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North Carolina DUI Information

In North Carolina, anyone with a blood alcohol level of .08%, or greater, is considered to be DUI.  An individual who can be proven to have been impaired, either physically or mentally, by alcohol, drugs or a combination may also be charged with DUI.  First offenses often carry a one year license revocation period and a fine of up to $100.00.  A minimum of 24 hours incarceration, 24 hours of community service, 30 days without a restricted license or a combination may also be imposed on a first time offender.  The maximum penalties for a first offender would include a fine of up to $2,000.00 and incarceration from 14 days up to two years.

First time offenders can expect to undergo an alcohol evaluation and a potential court ordered substance abuse treatment program.  This type of treatment may be in addition to attending alcohol safety school, which is required for all North Carolina DUI offenders.  Anyone refusing to submit to a blood alcohol content test will also face an immediate license revocation lasting for a minimum of 30 days, along with a one year DMV revocation.  In certain situations, the court may issue a limited driving privilege, often referred to as a hardship license, after six months.

Youthful offenders, who consist of anyone under the age of 21 with any trace of alcohol in their system, will be subject to license revocation for a period of one year.

There are often more serious charges associated with DUI, including a blood alcohol content of more than .16%.  In this scenario, the offender will be required to install, at their expense, an ignition interlock device.  This unit will prevent the offender from operating his/her motor vehicle if they have any alcohol present in their system. In addition, individuals who are involved in a DUI, which causes personal injury or death, may face felony charges and much harsher penalties.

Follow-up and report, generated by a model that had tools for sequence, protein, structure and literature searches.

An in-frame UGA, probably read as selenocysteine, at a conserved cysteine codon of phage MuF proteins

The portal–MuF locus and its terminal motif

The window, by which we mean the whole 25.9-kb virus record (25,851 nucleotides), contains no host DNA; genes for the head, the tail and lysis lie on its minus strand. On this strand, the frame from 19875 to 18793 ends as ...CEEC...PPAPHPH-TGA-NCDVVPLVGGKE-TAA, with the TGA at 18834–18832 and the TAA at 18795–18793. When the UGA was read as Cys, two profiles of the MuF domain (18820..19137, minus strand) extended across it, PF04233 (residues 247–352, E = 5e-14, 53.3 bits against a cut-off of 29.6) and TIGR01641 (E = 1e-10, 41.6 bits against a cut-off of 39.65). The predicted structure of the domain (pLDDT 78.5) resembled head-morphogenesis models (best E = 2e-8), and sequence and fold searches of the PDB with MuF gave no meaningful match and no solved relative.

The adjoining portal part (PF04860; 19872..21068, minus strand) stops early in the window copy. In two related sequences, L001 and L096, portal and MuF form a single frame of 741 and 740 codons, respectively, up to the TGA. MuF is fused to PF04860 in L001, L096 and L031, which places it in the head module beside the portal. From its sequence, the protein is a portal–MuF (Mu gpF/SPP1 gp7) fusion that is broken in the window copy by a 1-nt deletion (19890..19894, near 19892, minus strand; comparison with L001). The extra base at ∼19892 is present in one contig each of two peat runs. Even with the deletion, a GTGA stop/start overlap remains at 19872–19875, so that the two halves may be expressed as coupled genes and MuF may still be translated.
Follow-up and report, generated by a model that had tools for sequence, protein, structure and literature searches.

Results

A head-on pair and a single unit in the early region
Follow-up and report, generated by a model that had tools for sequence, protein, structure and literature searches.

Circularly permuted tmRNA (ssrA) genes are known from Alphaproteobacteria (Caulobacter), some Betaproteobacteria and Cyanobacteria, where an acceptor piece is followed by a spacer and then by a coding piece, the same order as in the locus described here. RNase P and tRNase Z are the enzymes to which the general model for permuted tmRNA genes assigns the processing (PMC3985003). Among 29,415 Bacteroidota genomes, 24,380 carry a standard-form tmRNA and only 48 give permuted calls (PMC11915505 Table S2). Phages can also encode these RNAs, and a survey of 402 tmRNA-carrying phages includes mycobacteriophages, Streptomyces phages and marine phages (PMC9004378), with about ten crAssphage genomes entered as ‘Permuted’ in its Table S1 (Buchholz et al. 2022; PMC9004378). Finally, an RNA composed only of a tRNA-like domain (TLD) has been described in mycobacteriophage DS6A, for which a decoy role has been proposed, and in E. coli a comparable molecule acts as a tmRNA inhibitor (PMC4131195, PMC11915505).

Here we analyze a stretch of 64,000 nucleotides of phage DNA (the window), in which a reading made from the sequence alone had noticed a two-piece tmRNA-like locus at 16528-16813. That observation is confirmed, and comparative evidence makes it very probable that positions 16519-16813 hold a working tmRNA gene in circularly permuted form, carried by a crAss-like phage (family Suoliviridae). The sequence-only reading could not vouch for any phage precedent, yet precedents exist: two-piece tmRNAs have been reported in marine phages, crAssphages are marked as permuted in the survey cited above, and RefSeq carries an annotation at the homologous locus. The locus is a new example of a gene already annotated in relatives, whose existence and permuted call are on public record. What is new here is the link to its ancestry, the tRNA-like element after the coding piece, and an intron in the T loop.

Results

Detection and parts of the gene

Upon conviction or an admission of guilt, DUI offenders are commonly faced with problems relating to their insurance company.  Immediately being labeled as “high risk” drivers, offenders are often dropped by their insurance company altogether or, at the very least, are required to pay much higher rates than before.  In the event that the offender is forced to look for a new insurance provider, he/she may have a difficult time finding a new company who offers high risk policies but, if they do, the rates will likely be extremely high for the amount of coverage granted.





DISCLAIMER: This website provides only general information intended to be a starting point for most legal issues. This information is not legal advice, nor is it intended to create any binding advisory relationship. Do not take action based upon this information unless you consult with an attorney or other specialist.